The Senate passed a 2018 budget resolution late Thursday that will serve as the vehicle for comprehensive tax reform, the Republican Party's top legislative goal.
The measure passed 51-49, setting the stage for what will likely be a GOP-only push for tax reform in the coming weeks. Sen. Rand Paul, R-Ky., was the lone "no" GOP vote against the budget, and announced his opposition earlier in the week to protest $43 billion added to an overseas war fund.
But other Republicans cheered the result and said it lets them move quickly toward a tax bill.
"Now's when the real work begins," said Sen. Bob Corker, R-Tenn, a top Budget Committee member. "This is like giving us the green light to start."
The House passed its own budget resolution earlier this month and will begin finalizing tax legislation next week.
Senate Republican leaders said they don't know yet whether the House will simply endorse the Senate budget bill or if the two chambers will come up with a compromise on the budget blueprints.
But the main reason for the budget is to set up an easier path for passing tax reform. For that reason, Senate GOP leaders said they hope the House simply endorses their budget blueprint to speed things along.
"That would make getting to tax reform that much faster," said Senate Majority Whip John Cornyn, R-Texas.
The budget resolution is a critical ingredient for tax reform. The budget resolution authorizes tax cut legislation, which will let the Senate advance and pass the tax bill with just 51 votes, instead of the usual 60.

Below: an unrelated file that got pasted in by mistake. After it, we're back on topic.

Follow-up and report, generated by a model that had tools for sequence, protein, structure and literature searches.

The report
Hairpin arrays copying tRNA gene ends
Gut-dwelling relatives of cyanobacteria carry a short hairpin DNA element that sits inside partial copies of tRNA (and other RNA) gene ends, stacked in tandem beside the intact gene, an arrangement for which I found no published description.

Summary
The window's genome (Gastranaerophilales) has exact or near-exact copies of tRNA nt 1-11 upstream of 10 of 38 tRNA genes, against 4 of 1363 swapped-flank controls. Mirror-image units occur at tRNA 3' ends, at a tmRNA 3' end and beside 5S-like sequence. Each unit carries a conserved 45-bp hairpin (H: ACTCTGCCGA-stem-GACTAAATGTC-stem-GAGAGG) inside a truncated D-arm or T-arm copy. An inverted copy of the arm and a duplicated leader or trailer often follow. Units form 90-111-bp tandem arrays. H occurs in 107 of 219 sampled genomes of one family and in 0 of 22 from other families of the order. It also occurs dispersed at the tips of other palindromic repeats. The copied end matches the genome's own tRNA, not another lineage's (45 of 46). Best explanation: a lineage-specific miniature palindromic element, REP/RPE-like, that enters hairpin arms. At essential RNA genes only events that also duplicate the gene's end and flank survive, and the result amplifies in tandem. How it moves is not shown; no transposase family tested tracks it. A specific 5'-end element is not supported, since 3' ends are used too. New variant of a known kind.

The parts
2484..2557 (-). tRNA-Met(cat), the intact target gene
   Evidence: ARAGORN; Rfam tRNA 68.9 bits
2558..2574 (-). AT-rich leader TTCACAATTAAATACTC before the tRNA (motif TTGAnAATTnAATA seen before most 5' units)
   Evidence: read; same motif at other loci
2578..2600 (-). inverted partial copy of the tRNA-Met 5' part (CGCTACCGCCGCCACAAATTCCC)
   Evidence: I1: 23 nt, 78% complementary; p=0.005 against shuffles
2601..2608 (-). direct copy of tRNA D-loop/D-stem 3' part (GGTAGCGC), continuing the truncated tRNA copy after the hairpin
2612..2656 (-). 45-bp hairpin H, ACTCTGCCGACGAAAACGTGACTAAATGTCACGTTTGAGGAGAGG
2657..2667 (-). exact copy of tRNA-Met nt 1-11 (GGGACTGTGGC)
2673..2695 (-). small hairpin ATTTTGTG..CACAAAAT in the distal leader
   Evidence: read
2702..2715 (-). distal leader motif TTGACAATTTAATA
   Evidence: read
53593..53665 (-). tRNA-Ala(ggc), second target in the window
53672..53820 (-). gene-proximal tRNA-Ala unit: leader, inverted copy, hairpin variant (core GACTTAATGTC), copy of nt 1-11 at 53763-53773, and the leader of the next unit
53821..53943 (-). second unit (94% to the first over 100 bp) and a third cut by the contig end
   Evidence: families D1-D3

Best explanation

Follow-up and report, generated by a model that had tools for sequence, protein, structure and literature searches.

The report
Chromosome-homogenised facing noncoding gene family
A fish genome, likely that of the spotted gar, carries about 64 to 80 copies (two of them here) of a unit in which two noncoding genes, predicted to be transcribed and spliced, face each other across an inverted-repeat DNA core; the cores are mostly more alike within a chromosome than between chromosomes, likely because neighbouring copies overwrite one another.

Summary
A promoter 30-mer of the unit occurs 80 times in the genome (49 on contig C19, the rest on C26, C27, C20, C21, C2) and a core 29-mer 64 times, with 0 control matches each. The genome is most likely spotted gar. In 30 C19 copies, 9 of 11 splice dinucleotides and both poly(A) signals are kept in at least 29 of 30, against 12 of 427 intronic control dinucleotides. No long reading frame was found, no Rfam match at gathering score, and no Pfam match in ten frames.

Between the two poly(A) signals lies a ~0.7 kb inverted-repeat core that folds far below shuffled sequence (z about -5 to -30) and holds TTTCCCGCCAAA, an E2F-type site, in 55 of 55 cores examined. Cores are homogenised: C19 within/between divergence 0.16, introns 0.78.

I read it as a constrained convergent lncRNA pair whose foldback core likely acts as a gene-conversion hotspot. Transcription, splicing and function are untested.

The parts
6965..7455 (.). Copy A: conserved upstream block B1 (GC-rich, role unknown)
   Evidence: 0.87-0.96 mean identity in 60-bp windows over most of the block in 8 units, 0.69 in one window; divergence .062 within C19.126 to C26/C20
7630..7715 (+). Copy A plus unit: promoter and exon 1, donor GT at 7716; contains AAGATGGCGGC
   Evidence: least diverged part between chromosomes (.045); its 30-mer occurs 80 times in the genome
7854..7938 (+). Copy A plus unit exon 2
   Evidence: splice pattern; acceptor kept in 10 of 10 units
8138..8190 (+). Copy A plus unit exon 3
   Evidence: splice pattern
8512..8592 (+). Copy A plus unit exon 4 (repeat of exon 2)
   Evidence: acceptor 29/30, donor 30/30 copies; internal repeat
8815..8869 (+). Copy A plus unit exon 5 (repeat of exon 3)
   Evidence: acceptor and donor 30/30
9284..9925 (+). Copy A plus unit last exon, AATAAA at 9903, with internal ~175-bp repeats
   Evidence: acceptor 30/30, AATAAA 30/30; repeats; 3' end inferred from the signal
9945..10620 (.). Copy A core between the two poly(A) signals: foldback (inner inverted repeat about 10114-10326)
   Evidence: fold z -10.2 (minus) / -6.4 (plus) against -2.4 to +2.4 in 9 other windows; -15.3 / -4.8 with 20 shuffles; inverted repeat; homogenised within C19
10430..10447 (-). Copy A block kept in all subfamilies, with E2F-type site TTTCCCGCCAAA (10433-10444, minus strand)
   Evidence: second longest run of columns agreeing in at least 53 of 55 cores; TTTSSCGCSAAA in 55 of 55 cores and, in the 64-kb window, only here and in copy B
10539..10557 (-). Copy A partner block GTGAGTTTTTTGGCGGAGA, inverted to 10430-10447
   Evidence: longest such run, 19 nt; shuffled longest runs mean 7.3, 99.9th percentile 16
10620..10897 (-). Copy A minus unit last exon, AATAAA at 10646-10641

Republicans control 52 votes, a majority that would give them the power to unilaterally pass a tax reform bill if they are able to achieve near-total consensus within their own party.
The Senate's budget blueprint allows for a tax cut of up to $1.5 trillion over 10 years, a number that represents a compromise between Republicans who wanted far deeper tax cuts and GOP deficit hawks who fear the loss of tax revenue will leave the nation deeper in debt.
The GOP budget resolution calls for reducing federal spending by $5.1 trillion and it sticks to federally mandated, and unpopular, spending caps. The resolution projects $1 billion in deficit reduction by selling leases for oil and natural gas drilling in the Arctic National Wildlife Refuge.
The House bill does not adhere to the spending caps, boosts defense spending, and slashes domestic spending. The House measure funds a southern border wall and reforms entitlement spending, which the Senate measure ignores.
The spending blueprints of either chamber are unlikely to ever become law. Typically, the two parties cut a large end-of-year spending compromise that reflects the priorities of both Republicans and Democrats and does away with the federally mandated spending caps.
Still, Republicans were optimistic that they were zeroing in on their real goal, which is tax reform.
"If we can coalesce around the goals of a fairer, simpler more pro-growth tax reform, I think we have an opportunity to really get something done," said Sen. Susan Collins, R-Maine.
As Republicans worked to pass the budget Thursday night, Democrats had the ability to offer unlimited amendments. They used the opportunity to force Republicans to take awkward votes, especially ones meant to highlight the potential added debt that would come with the tax plan.
One, submitted by Mark Warner of Virginia, would have required that the Senate abide by rules ensuring that tax cuts be offset by tax hikes or spending cuts elsewhere in the budget. Sens. Tammy Baldwin of Wisconsin and Ben Cardin of Maryland offered amendments that would require a 60-vote threshold for a tax bill that added to the deficit. Heidi Heitkamp of North Dakota sent one that would have done the same for any bill that raised taxes on anyone making under $250,000.
Republicans blocked all those efforts, saying they would undermine the tax reform push. But conservatives also offered changes that were swept aside.
Paul, the Kentucky Republican with libertarian leanings, offered an amendment to pursue cuts to mandatory spending in addition to tax reform through the reconciliation procedure. Only three Republicans joined him.
A close vote came on an amendment from Paul to repeal Obamacare through the expedited process. Altogether, 33 Republicans voted for that amendment.